By this point, most event and exhibition professionals have at least a general knowledge of the key issues that were brought to the forefront by Exhibitions Mean Business’ Exhibitions Day on June 9 in Washington, D.C.
Additionally, they no doubt have a better understanding of all the statistics, such as the industry’s $71.3 billion contribution to the U.S. GDP and how it supports 1.8 million jobs across the country. CEIR statistics like these confirmed that Exhibitions Mean Business and ensured the nation’s leaders knew it too.
Highlighting the tradeshow industry’s economic impact proved effective as indicated by Freeman’s Senior Vice President of Business Solutions Christie Greenleaf, who said the U.S. Congress members and staff she spoke to were impressed by ‘the sheer numbers.’
What can also make a difference – as shown by the Exhibitions Day experience of Greenleaf — is when an exhibition company lobbies to a member of Congress or their staff on a level that hits home. This includes demonstrating the exhibition company’s impact on the destination the Congressional leader represents.
“One of the strongest marketing solutions from Freeman XP is participant profiling. The exhibitor or show organizer needs to know who they are trying to drive to action. Customized messages make a huge difference,” said Greenleaf. “We are getting smarter about learning what Congress [needs to know to be driven to action]. CEIR complements this with their data. We have the analytics to share. When we put it in the right context, it makes a huge difference.”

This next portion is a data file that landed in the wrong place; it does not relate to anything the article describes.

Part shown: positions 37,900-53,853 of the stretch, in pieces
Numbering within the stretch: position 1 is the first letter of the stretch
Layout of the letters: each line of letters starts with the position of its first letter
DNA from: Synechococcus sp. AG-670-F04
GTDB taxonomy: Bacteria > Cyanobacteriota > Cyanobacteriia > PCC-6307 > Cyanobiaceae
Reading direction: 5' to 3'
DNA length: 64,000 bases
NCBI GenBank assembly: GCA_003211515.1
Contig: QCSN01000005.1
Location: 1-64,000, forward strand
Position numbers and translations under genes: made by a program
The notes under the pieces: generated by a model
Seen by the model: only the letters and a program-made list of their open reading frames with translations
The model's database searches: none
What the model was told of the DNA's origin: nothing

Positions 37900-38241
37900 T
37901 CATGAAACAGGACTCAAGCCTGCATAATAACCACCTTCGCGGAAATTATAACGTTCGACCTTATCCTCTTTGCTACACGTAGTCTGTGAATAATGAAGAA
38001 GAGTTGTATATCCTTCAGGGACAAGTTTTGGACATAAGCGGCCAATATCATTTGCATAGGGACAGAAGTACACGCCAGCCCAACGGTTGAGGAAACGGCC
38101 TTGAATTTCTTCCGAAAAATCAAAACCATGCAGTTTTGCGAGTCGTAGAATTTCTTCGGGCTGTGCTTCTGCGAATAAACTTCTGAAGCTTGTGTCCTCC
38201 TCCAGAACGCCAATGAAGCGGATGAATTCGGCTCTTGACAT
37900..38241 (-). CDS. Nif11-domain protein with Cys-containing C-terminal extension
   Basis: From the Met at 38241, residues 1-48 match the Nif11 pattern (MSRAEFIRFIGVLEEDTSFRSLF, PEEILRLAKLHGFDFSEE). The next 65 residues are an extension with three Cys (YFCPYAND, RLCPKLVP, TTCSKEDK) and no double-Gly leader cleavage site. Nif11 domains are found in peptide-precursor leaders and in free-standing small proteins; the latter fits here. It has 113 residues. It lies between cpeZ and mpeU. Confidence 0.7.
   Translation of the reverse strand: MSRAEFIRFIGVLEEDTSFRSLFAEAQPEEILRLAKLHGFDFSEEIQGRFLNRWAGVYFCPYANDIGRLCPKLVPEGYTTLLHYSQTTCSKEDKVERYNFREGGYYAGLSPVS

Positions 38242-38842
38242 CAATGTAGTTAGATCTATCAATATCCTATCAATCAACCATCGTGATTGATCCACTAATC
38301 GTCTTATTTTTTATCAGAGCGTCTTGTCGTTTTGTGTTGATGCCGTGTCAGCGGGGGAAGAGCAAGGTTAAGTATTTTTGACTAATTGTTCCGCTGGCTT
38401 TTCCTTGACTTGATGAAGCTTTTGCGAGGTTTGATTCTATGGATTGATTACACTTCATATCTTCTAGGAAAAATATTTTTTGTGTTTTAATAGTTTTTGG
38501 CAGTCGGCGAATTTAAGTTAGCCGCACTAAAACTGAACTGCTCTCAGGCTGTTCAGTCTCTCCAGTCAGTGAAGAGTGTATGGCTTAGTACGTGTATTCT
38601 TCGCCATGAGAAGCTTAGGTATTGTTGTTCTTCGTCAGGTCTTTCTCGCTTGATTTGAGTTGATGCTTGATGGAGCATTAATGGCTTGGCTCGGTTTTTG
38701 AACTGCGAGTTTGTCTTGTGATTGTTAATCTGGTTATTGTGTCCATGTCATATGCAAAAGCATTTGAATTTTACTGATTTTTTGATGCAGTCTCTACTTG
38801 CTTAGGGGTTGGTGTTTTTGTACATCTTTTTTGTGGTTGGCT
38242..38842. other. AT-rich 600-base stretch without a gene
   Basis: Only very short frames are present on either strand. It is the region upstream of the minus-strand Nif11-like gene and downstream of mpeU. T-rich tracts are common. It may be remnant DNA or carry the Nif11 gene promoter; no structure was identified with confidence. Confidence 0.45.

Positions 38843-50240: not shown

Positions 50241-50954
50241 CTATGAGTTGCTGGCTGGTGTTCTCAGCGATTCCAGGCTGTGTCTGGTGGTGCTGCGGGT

A provider of integrated brand experiences and a founding member of the Exhibitions Mean Business campaign, Freeman customized its advocacy messages on two fronts: social media and on the ground in D.C.
Through the company’s active social media presence, Freeman spoke to Congress and fellow exhibition industry professionals, including its own employees, about why the annual Exhibitions Day continues to be important. On Capitol Hill, Greenleaf spoke to Senate leaders representing key exhibition cities.
On Social Media
Not everyone could travel to Washington, D.C. to join the 112 individuals and 16 organizations that contributed to the record-breaking second annual Exhibitions Day. Instead, more than 350 influencers showed support through social media.
“Those are great numbers to speak about how far reaching the exhibition industry is,” commented Greenleaf.
Across the U.S., Freeman employees creatively demonstrated their support of Exhibitions Day and Greenleaf’s sojourn to the U.S. Senate. Within their natural work environments – on a forklift or in various service departments, Freeman employees held signs advocating Exhibitions Day. Having some fun with the experience, one employee advocated from a trunk in the AV department. Overall, 330 images were posted on Facebook.
More than 2,300 liked the photos on the Freeman employee Facebook page, according to Greenleaf.
Freeman communicated through every major social media platform: On Twitter, 29 tweets sparked 23,400 impressions. Ten posts on the company Facebook fan page led to 5,575 impressions. Six LinkedIn posts gained 22,041 impressions, 65 interactions and 98 clicks.
“Two blogs we launched also got picked up by CEIR and IAEE,” she added. “It really helped drive the message of the campaign.”
On Capitol Hill
While social media proved complementary to the Exhibitions Mean Business campaign, the nearly 100 meetings between Congress members and industry advocates illustrated that nothing beats the face-to-face engagement opportunities provided by tradeshows.